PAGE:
The performances were a mix of the spectacular and the subtle. Cardi B teamed up with J. Balvin and Bad Bunny to turn the AMAs into Latin paradise, complete with palm trees, during “I Like It.” Dua Lipa led audiences into a glow-in-the-dark rave with a medley of “One Kiss,” her hit collab with Calvin Harris, and “Electricity,” her recent team-up with Silk City (a.k.a. Mark Ronson and Diplo). Jennifer Lopez — following her show-stopping MTV Video Music Awards performance in August — performed her new song "Limitless" amid a stormy backdrop and a large phalanx of dancers. And Ciara and Missy Elliott reunited for a pulse-spiking medley of “Level Up” and “Dose” that ended with a marching band storming the stage, and could have doubled as a work-out class for anyone trying to follow along with Ciara’s moves. (Even Cardi B got to her feet to groove along by the performance’s end.)
Other artists, like Mariah Carey and Camila Cabello, kept it low-key: The former, debuting new single “With You” for the first time on TV, stood mostly still in an elaborate pink dress that opened up to reveal a small squad of dancers. Later in the evening, Cabello took the stage backed by a mini orchestra to perform the ballad “Consequences,” which the singer revealed on Instagram this week is the final single from her debut album, Camila.
Cabello’s performance was one of several that felt like victory laps for a new artists who recently graduated from the JV squad of pop stardom to varsity players. Cabello’s star-making solo album arrived in early January of this year, and by this time last year, “Havana” was barely a month old. Dua Lipa’s “New Rules” was still a few months away from its Hot 100 peak last fall, and she’s also closing the chapter on her debut album with a deluxe edition (featuring both “One Kiss” and “Electricity”) out later this month.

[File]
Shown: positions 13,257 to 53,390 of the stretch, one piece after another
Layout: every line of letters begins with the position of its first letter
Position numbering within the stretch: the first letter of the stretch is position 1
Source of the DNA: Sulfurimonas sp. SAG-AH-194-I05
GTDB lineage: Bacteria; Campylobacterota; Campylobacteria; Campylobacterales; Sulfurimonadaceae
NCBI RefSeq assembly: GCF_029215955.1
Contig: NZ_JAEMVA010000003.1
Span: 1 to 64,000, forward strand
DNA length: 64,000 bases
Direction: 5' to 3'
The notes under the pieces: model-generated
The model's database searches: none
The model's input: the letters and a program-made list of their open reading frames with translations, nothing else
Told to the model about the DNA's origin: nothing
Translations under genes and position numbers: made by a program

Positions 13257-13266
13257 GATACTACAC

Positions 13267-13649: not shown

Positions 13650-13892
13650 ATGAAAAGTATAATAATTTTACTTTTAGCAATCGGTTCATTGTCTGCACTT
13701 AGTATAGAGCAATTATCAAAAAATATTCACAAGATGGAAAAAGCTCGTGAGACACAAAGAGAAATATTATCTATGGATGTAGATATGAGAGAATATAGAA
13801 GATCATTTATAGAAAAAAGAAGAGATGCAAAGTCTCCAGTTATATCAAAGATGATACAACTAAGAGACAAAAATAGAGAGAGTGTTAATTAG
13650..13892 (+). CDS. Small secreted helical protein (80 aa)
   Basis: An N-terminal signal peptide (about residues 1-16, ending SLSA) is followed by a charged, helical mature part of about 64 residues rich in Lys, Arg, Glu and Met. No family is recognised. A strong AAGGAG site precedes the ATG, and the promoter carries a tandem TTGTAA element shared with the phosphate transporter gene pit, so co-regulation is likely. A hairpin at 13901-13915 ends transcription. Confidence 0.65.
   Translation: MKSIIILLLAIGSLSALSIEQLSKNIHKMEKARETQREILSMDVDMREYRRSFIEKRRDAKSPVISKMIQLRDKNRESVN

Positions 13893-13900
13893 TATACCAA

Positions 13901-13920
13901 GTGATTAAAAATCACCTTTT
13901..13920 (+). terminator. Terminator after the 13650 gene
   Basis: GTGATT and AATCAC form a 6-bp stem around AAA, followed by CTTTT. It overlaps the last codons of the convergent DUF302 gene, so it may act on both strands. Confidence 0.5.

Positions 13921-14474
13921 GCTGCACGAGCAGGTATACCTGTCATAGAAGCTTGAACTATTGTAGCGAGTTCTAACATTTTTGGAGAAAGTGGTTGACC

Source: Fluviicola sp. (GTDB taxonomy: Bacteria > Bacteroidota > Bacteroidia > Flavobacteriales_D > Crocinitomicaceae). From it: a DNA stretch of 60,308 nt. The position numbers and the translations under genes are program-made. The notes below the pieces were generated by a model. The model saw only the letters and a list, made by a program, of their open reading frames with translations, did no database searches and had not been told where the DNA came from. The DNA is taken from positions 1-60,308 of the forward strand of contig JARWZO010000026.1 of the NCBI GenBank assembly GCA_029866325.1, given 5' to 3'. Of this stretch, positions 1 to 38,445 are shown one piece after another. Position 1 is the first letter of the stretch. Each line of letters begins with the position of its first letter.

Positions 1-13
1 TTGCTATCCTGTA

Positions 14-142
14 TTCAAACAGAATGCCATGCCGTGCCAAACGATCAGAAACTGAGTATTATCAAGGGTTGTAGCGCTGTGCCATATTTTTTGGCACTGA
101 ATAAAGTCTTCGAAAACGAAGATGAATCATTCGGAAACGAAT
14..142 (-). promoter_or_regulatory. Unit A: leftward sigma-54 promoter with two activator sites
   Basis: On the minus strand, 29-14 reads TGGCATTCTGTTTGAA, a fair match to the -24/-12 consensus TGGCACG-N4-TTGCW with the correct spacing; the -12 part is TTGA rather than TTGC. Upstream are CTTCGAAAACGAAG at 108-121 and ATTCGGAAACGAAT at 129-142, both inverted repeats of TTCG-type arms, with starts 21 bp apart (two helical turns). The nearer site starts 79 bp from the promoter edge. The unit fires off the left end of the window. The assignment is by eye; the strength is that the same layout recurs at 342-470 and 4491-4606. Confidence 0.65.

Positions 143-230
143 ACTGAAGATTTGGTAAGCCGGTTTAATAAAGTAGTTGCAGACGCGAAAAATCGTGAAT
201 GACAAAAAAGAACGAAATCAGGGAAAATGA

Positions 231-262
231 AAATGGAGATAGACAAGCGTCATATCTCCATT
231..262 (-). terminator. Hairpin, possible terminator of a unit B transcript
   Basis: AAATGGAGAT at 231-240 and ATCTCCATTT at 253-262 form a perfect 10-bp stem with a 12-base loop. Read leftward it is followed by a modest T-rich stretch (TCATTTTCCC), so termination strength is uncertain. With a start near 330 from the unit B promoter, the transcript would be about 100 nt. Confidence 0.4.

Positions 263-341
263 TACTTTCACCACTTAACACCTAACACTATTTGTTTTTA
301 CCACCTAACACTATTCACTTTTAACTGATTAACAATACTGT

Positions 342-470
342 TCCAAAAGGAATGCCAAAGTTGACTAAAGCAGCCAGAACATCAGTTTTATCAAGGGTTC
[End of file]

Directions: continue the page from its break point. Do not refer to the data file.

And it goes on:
Meanwhile, Ella Mai, still new to the awards-show circuit, performed this year’s runaway hit “Boo’d Up” ahead of her debut album dropping this Friday. And then there’s Khalid: At the 2017 AMAs, the then-newcomer got a profile-raising boost when he joined Imagine Dragons for a joint performance; this time, the singer (who took home the award for Favorite Male Artist — Soul/R&B) lent his star power to producer Benny Blanco, now releasing music under his own name, in Blanco’s first awards show performance ever. (Well, “performance” may be generous -- Blanco mostly lounged around a recreation of his home studio while Khalid and fellow “Eastside” vocalist Halsey did the heavy lifting.)
Despite the younger-leaning programming, the American Music Awards did devote one of the most important performance slots to a history-making icon: Aretha Franklin. For the grand finale, the show recruited soul legend Gladys Knight as well as Ledisi, Mary Mary and Donnie McClurkin for a performance that paid tribute to Franklin’s gospel roots. It's not exactly the kind of thing you'd expect on a show like the AMAs, where Gen-Z tastes and top 40 favorites seem to rule, but following Madonna’s much-criticized Aretha tribute at the VMAs, this one wisely stuck to just the music -- and pumped as much energy into the show as anything involving flames and explosions. At the 2018 AMAs, only the divas got the first and last word.